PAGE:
Let’s have a look at some of the things, which make your developer’s job harder, and what makes them annoyed. If you can understand what makes them nuts, then you will be able to ensure you are not making their job harder than it needs to be.

  1. When you can’t explain your app idea, design, and functions clearly.
  2. When you make an un-realistic timeframe for your apps completion.
  3. When you always change your mind about your apps features, functions etc., and make the developers re-develop certain things time and time again.
  4. When you aren’t available to answer their questions.
  5. When you don’t give them feedback.
  6. When you don’t appreciate their work and efforts.
  7. When you don’t pay on time.

Lastly, developers hate it when you don’t test and review your app completely. I made the mistake of not looking at every detail of my App, as my developers where giving me new versions of it to view each day. With my first fitness App, I said in the contract, that I want iAds set up in the app. The problem was, that I forgot to draw the iAds bar in my sketches, and the developers were so busy developing the main functions and design of my app, that they forgot. It wasn’t until the final adhoc that I noticed there were “no test ads”. Because I didn’t look into the detail enough, this cost me an extra 5 days before I could have the App in the store. This app made about $20 a day when it was first released (not bad since I didn’t do any promotion or marketing), so this means that mistake cost me $100.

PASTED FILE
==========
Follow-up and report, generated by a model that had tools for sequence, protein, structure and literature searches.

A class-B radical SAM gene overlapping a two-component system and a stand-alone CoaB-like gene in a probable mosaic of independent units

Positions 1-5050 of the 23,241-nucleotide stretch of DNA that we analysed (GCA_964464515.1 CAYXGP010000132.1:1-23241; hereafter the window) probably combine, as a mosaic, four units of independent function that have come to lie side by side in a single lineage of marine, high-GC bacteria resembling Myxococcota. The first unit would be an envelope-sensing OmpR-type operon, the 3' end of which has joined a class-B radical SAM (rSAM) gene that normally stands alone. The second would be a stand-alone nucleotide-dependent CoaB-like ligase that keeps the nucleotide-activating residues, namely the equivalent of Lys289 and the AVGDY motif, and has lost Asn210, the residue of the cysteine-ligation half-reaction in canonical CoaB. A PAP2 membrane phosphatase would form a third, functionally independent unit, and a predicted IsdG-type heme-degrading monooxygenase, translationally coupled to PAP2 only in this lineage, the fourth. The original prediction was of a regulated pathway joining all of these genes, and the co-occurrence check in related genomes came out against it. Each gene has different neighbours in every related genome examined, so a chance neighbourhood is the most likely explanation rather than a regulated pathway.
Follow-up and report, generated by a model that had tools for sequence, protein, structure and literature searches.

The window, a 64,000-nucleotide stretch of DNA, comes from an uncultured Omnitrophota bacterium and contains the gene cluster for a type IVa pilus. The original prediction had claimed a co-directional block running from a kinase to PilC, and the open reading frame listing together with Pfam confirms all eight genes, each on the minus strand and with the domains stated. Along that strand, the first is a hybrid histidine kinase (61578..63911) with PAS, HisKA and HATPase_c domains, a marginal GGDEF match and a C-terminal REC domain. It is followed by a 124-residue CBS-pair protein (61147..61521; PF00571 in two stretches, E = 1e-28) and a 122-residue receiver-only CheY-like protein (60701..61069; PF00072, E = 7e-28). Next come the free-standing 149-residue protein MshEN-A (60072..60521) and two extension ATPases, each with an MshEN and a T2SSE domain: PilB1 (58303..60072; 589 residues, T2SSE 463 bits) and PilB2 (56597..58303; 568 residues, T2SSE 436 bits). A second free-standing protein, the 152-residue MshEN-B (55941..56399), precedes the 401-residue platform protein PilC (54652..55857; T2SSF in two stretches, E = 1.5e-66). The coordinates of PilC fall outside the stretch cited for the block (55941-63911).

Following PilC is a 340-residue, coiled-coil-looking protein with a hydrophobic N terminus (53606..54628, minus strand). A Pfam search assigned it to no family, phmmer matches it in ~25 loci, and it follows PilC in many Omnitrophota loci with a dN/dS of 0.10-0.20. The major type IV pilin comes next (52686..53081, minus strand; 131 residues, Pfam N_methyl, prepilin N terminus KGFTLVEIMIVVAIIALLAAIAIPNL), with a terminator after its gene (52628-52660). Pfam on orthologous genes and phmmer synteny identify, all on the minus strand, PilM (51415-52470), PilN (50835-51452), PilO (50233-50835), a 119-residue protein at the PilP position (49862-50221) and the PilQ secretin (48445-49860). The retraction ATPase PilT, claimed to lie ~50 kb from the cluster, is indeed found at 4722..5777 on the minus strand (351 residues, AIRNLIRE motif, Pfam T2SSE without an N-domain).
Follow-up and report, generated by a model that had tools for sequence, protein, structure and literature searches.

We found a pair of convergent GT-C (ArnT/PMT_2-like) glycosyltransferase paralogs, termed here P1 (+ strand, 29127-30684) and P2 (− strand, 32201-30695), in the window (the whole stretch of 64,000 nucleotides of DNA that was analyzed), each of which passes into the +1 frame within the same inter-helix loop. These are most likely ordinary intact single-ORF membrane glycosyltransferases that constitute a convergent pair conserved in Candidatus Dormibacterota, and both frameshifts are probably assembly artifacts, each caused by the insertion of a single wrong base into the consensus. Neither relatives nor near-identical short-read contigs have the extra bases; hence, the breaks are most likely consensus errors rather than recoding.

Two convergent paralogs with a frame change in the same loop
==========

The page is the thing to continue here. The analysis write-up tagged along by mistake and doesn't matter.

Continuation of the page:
5 Things That Make Both Your Own and Your Developer’s Job Easy! 

These are simply common sense things, but often overlooked. Make sure you follow the below tips, to make things flow much easier with your apps creation.

  1. A clear and precise app idea, understanding of functions, layout, and design.
  2. Detailed sketches of your app. Developers love reading every little detail, so make sure you add lots of descriptions and notes to your sketches.
  3. A realistic timeframe for completion of your app that your developers can work towards.
  4. When you appreciate their efforts and work, make sure you take the time to give them positive feedback and praise. It’s easy for people like me, who know nothing about code, to say, “Do this, this and this to the app”, but most of the time, things which seem simple, are quite tough tasks for your developers to do, so try your best to appreciate their efforts.